Government, Constitution of the United States
E Pluribus Unum, Blessings of Liberty, Continental Congress, perfect Union, Articles of Confederation
The Constitution of the United States is the basis for the machinery and institutions of the U.S. government. The Constitution is the world’s oldest charter of national government in continuous use. It was written in 1787 during the Constitutional Convention, which had been convened in the midst of the political crisis that followed the American Revolution. At that time relations were tense between the states and the acting central government, the Continental Congress. The Constitution was an effort to ease those tensions and to create a single political entity from the 13 independent former colonies—the ideal expressed in the motto of the United States, E Pluribus Unum (From Many, One). In 1788, after nine states ratified it, the Constitution became the law of the land. With 27 amendments—or additions—it has remained so.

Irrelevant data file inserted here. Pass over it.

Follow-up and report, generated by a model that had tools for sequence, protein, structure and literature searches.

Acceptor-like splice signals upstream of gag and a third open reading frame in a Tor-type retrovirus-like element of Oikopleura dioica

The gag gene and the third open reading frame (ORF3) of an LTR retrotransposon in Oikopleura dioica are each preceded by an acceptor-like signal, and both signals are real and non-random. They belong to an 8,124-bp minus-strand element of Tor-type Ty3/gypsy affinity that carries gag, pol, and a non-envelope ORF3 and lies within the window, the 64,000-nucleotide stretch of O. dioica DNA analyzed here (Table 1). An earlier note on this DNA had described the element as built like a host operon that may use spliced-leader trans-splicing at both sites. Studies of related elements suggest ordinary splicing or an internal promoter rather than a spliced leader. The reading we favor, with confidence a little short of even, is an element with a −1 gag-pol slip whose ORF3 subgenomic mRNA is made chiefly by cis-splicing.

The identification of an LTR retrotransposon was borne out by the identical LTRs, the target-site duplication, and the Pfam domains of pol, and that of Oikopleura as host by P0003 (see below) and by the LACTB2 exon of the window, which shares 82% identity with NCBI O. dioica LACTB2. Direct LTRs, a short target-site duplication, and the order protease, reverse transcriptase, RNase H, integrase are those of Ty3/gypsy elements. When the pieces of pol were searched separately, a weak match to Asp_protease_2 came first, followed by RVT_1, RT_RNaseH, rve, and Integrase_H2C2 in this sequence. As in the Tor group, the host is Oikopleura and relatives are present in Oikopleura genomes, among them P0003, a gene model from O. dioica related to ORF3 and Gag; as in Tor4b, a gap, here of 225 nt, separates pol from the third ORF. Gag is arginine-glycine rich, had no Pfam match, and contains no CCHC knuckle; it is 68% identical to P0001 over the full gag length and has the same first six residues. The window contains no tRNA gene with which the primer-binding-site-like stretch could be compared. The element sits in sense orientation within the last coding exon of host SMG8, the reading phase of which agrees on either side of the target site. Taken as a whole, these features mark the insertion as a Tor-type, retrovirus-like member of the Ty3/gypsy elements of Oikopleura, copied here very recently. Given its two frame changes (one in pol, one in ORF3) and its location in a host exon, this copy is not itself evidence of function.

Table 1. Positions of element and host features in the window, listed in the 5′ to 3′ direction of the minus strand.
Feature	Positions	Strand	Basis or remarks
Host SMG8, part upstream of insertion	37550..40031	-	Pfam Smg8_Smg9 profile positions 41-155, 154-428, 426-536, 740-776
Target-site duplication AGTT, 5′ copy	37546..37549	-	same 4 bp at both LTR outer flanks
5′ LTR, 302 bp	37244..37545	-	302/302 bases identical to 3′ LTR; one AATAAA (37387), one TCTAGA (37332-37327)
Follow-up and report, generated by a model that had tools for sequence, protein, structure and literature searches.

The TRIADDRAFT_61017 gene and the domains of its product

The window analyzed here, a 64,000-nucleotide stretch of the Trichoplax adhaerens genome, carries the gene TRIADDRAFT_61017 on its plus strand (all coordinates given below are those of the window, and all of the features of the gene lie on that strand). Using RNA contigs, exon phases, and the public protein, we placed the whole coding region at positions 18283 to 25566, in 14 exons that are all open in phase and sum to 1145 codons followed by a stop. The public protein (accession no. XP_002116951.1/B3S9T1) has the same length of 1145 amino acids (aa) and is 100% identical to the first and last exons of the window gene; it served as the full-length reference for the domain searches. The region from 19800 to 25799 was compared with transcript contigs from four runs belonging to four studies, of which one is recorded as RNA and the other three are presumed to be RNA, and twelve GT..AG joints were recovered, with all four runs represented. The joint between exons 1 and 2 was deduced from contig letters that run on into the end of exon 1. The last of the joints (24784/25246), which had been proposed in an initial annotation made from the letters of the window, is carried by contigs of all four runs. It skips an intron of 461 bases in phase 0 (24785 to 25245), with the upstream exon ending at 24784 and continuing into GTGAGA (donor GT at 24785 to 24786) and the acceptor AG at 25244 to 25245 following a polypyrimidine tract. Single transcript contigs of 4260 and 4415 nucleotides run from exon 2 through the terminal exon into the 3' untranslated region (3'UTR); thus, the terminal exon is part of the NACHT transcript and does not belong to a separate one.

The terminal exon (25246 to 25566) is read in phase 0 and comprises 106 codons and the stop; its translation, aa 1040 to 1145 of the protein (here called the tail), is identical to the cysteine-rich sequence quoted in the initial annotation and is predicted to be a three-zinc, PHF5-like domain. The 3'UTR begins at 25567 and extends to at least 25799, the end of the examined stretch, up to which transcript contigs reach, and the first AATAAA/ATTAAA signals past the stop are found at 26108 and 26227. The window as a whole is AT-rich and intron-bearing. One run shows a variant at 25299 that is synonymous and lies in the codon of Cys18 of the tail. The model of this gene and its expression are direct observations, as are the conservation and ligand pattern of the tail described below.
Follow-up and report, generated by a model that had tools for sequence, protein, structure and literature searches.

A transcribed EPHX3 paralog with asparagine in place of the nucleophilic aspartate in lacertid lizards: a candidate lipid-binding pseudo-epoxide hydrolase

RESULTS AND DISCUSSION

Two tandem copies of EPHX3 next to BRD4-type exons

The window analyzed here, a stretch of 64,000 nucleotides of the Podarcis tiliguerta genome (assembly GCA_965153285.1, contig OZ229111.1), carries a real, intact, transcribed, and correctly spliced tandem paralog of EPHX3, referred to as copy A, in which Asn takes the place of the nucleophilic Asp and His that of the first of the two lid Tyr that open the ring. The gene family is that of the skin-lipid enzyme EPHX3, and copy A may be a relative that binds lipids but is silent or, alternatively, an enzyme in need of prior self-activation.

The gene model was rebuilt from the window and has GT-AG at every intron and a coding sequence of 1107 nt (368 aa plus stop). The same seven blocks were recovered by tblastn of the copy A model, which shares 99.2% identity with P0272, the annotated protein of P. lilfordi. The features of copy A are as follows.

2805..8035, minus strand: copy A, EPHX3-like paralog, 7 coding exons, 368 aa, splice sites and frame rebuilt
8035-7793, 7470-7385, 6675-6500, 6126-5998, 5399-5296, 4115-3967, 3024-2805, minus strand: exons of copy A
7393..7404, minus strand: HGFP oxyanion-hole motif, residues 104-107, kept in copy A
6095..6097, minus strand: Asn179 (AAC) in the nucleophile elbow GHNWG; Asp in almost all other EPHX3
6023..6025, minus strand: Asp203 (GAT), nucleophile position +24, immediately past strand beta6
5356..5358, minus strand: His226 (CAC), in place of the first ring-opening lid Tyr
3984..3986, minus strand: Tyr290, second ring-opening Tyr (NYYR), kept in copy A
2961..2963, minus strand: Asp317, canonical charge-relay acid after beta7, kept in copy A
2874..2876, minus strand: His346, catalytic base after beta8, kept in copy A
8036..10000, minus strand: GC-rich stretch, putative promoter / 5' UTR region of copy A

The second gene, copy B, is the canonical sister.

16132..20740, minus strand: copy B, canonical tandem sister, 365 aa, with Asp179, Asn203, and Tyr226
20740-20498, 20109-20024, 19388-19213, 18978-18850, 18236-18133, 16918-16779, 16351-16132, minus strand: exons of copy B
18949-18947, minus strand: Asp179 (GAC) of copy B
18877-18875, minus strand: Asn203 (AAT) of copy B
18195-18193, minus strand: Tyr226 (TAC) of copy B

Before the ratification of the Constitution, the states were governed under the Articles of Confederation, which served as a constitution. Under the articles, the central government was much weaker than the state governments. The men who drafted the Constitution favored a stronger central government. In the preamble—or introduction—to the Constitution, in which they stated their principles and purposes, the Founders recognized the United States as a government of the people, not of the states. They saw their purpose as forming “a more perfect Union,” which, along with promoting the “general welfare,” would secure “the Blessings of Liberty to ourselves and our Posterity.”
>> Articles I, II, and III
>> Articles IV, V, VI, and VII
>> Importance of the Constitution
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